IMDb > To Catch a Thief (1955)
To Catch a Thief
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To Catch a Thief (1955) More at IMDbPro »

Photos (See all 60 | slideshow) Videos (see all 5)
To Catch a Thief -- Stars Cary Grant as a former thief suspected of a new series of crimes and Grace Kelly as the woman who romances him.
To Catch a Thief -- When a reformed jewel thief is suspected of returning to his former occupation, he must ferret out the real thief in order to prove his innocence.
To Catch a Thief -- Clip: You're a thief
To Catch a Thief -- Clip: What would you do?
To Catch a Thief -- Clip: Who did you call me

Overview

User Rating:
7.5/10   45,274 votes »
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Popularity: ?
Down 34% in popularity this week. See why on IMDbPro.
Director:
Writers:
John Michael Hayes (screenplay)
David Dodge (based on the novel by)
(more)
Contact:
View company contact information for To Catch a Thief on IMDbPro.
Release Date:
1955 (UK) See more »
Genre:
Tagline:
WANTED by the police in all the luxury-spots of Europe!... A catch for any woman! See more »
Plot:
When a reformed jewel thief is suspected of returning to his former occupation, he must ferret out the real thief in order to prove his innocence. Full summary » | Full synopsis »
Plot Keywords:
Awards:
Won Oscar. Another 5 nominations See more »
User Reviews:
Languid but beautiful romantic thriller See more (178 total) »

Cast

  (in credits order) (verified as complete)

Cary Grant ... John Robie

Grace Kelly ... Frances Stevens

Jessie Royce Landis ... Jessie Stevens

John Williams ... H.H. Hughson

Charles Vanel ... Bertani

Brigitte Auber ... Danielle Foussard
Jean Martinelli ... Foussard
Georgette Anys ... Germaine
rest of cast listed alphabetically:
George Adrian ... Detective (uncredited)
John Alderson ... Detective at the Costume Ball (uncredited)
Martha Bamattre ... Kitchen Helper (uncredited)
René Blancard ... Commissaire Lepic (uncredited)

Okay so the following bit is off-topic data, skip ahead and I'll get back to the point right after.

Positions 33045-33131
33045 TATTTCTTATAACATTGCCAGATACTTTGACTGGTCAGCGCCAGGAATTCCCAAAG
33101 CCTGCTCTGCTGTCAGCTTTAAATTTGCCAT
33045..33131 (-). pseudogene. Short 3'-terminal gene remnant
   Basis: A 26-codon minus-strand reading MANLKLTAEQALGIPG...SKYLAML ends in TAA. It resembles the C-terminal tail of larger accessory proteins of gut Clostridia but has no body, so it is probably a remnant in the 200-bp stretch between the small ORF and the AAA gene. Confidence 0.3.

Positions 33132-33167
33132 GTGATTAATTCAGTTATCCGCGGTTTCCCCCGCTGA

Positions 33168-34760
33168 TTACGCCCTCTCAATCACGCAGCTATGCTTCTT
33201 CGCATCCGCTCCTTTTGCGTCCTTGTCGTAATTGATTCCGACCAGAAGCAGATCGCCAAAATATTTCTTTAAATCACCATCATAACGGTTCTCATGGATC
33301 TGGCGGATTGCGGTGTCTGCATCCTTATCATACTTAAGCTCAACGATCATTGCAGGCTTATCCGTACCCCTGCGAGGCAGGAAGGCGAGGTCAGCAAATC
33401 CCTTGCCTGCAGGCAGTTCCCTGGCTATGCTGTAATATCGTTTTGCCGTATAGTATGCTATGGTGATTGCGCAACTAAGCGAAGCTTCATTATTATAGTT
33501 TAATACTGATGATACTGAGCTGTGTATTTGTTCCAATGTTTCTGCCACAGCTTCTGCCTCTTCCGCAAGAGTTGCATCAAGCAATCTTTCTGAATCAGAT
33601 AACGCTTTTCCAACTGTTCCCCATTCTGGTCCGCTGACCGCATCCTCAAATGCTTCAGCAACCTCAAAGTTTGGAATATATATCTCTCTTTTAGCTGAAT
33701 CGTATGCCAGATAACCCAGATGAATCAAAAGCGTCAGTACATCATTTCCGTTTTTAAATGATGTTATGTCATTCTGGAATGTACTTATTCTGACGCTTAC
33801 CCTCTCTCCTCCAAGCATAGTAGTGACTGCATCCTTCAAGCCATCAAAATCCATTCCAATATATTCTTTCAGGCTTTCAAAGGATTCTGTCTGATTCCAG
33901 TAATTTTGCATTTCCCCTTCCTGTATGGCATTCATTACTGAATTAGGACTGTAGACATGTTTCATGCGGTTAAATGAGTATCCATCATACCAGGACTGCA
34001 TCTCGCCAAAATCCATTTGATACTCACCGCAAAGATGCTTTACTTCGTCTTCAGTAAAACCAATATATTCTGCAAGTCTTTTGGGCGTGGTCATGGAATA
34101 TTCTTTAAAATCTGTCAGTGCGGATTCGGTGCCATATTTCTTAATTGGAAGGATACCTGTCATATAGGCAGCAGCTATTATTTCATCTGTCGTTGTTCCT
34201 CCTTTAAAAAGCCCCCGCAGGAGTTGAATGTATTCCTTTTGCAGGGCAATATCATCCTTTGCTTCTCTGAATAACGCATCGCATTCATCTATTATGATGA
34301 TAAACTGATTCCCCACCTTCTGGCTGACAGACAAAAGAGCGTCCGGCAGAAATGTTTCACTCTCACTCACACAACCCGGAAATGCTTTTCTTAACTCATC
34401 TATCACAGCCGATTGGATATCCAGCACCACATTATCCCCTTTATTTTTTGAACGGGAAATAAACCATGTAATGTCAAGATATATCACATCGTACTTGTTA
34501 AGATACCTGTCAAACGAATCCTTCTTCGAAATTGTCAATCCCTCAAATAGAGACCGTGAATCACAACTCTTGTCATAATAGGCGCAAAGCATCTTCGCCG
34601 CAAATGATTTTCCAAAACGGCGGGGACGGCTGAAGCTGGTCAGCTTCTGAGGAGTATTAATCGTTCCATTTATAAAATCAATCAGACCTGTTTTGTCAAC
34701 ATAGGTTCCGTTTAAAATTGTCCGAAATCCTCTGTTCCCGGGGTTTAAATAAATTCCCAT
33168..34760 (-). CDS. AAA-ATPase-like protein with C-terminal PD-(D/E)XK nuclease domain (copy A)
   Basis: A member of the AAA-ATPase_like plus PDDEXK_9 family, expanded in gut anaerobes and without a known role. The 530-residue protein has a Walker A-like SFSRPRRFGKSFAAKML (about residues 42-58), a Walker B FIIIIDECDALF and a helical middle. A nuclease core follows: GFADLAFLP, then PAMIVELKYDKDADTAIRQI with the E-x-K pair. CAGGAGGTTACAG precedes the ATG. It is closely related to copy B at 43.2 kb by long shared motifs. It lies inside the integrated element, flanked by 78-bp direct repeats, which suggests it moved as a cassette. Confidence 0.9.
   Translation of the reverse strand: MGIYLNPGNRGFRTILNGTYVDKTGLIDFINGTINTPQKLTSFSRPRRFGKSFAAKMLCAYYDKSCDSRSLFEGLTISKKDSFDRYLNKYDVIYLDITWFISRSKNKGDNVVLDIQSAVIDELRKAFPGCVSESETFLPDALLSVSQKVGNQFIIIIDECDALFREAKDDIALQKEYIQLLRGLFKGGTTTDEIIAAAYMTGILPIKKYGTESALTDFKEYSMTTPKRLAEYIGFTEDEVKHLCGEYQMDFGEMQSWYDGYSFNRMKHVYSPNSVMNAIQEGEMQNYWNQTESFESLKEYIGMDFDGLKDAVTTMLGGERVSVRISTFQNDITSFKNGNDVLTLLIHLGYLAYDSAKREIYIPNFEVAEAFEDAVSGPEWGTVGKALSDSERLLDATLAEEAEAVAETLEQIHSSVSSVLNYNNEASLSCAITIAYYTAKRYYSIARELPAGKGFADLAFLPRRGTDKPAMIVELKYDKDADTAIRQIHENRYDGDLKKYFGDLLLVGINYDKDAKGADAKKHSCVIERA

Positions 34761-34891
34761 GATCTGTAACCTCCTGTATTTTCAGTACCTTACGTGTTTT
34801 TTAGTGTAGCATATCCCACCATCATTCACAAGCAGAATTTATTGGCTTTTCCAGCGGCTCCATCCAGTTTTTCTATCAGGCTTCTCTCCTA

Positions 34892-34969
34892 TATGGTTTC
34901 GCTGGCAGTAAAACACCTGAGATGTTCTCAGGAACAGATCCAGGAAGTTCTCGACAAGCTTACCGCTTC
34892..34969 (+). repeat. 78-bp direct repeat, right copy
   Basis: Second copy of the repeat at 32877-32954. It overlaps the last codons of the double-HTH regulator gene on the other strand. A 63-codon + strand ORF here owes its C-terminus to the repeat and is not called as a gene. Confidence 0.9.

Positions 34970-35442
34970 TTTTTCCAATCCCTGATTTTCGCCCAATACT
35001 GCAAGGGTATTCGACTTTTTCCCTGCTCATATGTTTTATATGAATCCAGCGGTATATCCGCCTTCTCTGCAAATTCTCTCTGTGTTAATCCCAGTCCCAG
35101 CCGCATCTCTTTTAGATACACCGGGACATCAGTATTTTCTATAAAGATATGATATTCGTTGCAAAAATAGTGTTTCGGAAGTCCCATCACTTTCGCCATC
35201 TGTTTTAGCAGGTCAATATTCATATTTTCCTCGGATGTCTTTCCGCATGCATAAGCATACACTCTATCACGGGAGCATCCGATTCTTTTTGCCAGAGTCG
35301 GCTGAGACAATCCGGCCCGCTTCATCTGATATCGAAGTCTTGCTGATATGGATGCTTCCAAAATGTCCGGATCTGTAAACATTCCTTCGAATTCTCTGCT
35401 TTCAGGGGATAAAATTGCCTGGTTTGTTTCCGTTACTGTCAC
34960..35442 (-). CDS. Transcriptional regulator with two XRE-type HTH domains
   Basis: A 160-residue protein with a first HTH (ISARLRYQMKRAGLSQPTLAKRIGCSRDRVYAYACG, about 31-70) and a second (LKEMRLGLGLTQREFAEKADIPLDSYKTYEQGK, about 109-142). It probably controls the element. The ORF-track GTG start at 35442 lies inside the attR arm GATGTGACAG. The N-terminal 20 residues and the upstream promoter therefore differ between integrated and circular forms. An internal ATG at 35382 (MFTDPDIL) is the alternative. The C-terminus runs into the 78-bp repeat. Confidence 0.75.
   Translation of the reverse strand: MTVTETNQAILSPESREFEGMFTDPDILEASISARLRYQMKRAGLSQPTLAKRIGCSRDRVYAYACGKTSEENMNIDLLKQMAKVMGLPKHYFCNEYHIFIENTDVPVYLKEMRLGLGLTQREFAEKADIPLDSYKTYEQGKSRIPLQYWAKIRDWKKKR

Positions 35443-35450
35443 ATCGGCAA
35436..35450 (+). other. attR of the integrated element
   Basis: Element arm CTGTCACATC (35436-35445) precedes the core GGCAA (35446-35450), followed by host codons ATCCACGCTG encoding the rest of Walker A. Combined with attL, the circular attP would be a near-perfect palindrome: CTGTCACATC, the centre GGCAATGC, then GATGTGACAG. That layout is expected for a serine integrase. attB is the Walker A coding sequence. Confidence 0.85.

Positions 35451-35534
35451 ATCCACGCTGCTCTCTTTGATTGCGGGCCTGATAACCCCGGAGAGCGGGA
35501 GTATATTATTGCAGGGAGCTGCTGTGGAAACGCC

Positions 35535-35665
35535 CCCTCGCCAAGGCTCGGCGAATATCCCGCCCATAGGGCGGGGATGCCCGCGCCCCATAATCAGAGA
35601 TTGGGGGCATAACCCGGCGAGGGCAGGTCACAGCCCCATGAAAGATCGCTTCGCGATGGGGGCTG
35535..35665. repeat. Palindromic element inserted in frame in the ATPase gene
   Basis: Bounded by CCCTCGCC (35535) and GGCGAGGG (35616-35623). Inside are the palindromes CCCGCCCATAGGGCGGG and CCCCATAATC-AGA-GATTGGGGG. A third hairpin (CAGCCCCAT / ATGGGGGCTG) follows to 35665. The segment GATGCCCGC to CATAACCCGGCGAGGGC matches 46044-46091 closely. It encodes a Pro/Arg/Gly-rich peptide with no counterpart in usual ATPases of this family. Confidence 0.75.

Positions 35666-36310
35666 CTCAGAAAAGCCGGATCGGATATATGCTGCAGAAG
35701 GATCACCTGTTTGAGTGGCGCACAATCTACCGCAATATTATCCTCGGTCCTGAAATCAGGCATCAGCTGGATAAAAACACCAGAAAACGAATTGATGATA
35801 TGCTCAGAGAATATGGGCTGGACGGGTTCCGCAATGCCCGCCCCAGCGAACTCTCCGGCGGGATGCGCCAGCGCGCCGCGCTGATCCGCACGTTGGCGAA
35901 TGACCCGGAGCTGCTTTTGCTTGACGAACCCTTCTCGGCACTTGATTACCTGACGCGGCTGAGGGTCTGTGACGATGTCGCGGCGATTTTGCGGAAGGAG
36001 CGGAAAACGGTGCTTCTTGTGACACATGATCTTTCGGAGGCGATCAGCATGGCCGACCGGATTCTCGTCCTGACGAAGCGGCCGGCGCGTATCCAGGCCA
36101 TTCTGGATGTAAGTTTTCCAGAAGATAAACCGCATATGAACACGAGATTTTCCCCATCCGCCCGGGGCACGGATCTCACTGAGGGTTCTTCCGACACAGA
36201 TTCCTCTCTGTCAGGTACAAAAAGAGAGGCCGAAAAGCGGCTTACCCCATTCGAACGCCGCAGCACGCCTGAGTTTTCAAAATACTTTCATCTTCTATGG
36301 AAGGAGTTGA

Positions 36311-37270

Eugene Borden ... French Waiter (uncredited)
Nina Borget ... Frenchwoman (uncredited)
John Breen ... Party Guest (uncredited)
Margaret Brewster ... Cold-cream Woman (uncredited)
Ralph Brooks ... Casino Patron (uncredited)
Lewis Charles ... Man with Milk in Kitchen (uncredited)
Jack Chefe ... Hotel Security (uncredited)
Frank Chelland ... Chef (uncredited)
Beulah Christian ... Hotel Guest (uncredited)
Wilson Cornell ... Shepherd (uncredited)
Reinie Costello ... Spanish Girl (uncredited)
Paul Cristo ... Hotel Security (uncredited)
William 'Wee Willie' Davis ... Big Man in Kitchen (uncredited)
Dominique Davray ... Antoinette (uncredited)
Louise De Carlo ... Spanish Girl (uncredited)
Guy De Vestel ... Detective (uncredited)
Gloria Dee ... Persian Slave Girl (uncredited)
George DeNormand ... Detective (uncredited)
Kathleen Desmond ... French Shepherdess (uncredited)
Lala Detolly ... French Queen (uncredited)
Alphonso DuBois ... Casino Patron (uncredited)
Dolores Ellsworth ... Persian Girl (uncredited)
George Ellsworth ... Shepherd (uncredited)
Nestor Eristoff ... Party Guest (uncredited)

Franklyn Farnum ... Party Guest (uncredited)
Bess Flowers ... Woman at Costume Ball (uncredited)
Russell Gaige ... Mr. Sanford (uncredited)
Steven Geray ... Hotel Desk Clerk (uncredited)

Art Gilmore ... Trailer Narrator (voice) (uncredited)
Michael Hadlow ... Monaco Policeman (uncredited)
Lars Hensen ... Party Guest (uncredited)

Alfred Hitchcock ... Man Sitting Next to John Robie on Bus (uncredited)
Gladys Holland ... Elegant French Woman (uncredited)
Jeshurun Howard ... Boy (uncredited)
Jean Hébey ... Police Inspector Mercier (uncredited)
Beverly Ruth Jordan ... French Shepherdess (uncredited)
Fred Kelsey ... Party Guest (uncredited)
Lorraine Knight ... French Huntress (uncredited)
Bela Kovacs ... Detective (uncredited)
Jeanne Lafayette ... Frenchwoman (uncredited)
Donald Lawton ... Detective (uncredited)
Eddie Le Baron ... Frenchman (uncredited)
Roland Lesaffre ... Claude (uncredited)
Edward Manouk ... Kitchen Helper (uncredited)
Jonathan Marlowe ... Prince (uncredited)
Jeri McKenna ... French Princess (uncredited)
Don Megowan ... Detective at Costume Ball (uncredited)
Louis Mercier ... Croupier (uncredited)
Hans Moebus ... Casino Patron (uncredited)
Mike Morelli ... Detective (uncredited)
Alberto Morin ... Detective (uncredited)
Sol Murgi ... Reporter (uncredited)
George Nardelli ... Croupier (uncredited)
Paul Newlan ... Vegetable Man in Kitchen (uncredited)

Barry Norton ... Frenchman (uncredited)